Papers by Author: Khershed P. Cooper

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Authors: Khershed P. Cooper
Abstract: New manufacturing methods involving direct fabrication processes seem ideal for mass customization or “just-in-time” production. The use of tool-less means of production ensures reduced lead-time and lower cost. Besides, they provide flexibility in design and fabrication, which are essential for small lot sizes. However, part quality and production reliability are challenges that must be met. When adapted to the micro-factory paradigm, direct manufacturing can be made portable and capable of remote manufacturing. The benefits of miniaturization are savings in materials and energy consumption, but the increased surface area to volume ratio has implications for material behavior, especially mechanical strength. The newest incarnation of direct manufacturing is direct digital manufacturing or DDM, which involves localized deposition of material or energy and the creation of heterogeneous objects with digital means of control. DDM seeks spatial control of macrostructure, composition, texture and properties with the possibility of producing materials with unusual behavior, functionally gradient structures and integrated component devices. For DDM, multi-material design, precision in deposition, shaping and removal and understanding of heterogeneous material behavior are challenges.
Authors: Khershed P. Cooper, Samuel G. Lambrakos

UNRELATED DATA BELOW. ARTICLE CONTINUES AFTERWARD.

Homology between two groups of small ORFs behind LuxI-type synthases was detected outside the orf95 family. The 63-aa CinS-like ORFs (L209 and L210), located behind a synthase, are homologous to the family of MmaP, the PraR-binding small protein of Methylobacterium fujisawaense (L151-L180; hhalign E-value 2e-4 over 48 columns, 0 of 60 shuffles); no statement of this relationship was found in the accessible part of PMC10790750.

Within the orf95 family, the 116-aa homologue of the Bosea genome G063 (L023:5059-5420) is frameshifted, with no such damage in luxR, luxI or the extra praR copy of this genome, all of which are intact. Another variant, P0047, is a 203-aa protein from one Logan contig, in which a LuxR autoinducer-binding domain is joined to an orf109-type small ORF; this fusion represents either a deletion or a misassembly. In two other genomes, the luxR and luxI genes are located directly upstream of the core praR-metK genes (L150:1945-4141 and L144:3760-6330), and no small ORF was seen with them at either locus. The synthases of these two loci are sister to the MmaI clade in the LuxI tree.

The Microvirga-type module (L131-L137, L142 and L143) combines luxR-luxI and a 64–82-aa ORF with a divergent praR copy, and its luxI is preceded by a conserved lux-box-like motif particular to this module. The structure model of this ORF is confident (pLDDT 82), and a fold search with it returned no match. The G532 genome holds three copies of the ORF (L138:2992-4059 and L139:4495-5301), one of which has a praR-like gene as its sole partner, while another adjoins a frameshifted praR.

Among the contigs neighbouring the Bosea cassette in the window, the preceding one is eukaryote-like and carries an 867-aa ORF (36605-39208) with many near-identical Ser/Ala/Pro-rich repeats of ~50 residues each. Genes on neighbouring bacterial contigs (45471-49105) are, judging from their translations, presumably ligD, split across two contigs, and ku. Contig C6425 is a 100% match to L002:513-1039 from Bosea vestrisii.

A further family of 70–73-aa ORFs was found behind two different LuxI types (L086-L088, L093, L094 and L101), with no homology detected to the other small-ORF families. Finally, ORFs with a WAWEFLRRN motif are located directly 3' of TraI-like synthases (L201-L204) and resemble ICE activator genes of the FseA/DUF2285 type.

Abstract: Additive manufacturing involves creating three-dimensional objects by depositing materials layer-by-layer. The freeform nature of the method permits the production of components with complex geometry. Deposition processes provide one more capability, which is the addition of multiple materials in a discrete manner to create “heterogeneous” objects with locally controlled composition. The result is direct digital manufacturing (DDM) by which dissimilar materials are added voxel-by-voxel (a voxel is volumetric pixel) following a predetermined tool-path. A typical example is functionally-graded material such as a gear with a tough core and a wear resistant surface. The inherent complexity of DDM processes is such that process modeling based on direct physics-based theory is difficult, especially due to a lack of temperature-dependent thermo-physical properties and particularly when dealing with melt-deposition processes. To overcome this difficulty the inverse problem approach is adopted to develop thermal models for multi-material, direct digital melt-deposition. This approach is based on the construction of a numerical-algorithmic framework for modeling anisotropic diffusivity such as that which would occur during energy deposition within a heterogeneous work-piece. This framework consists of path-weighted integral formulations of heat diffusion according to spatial variations in material composition and requires consideration of parameter sensitivity issues.
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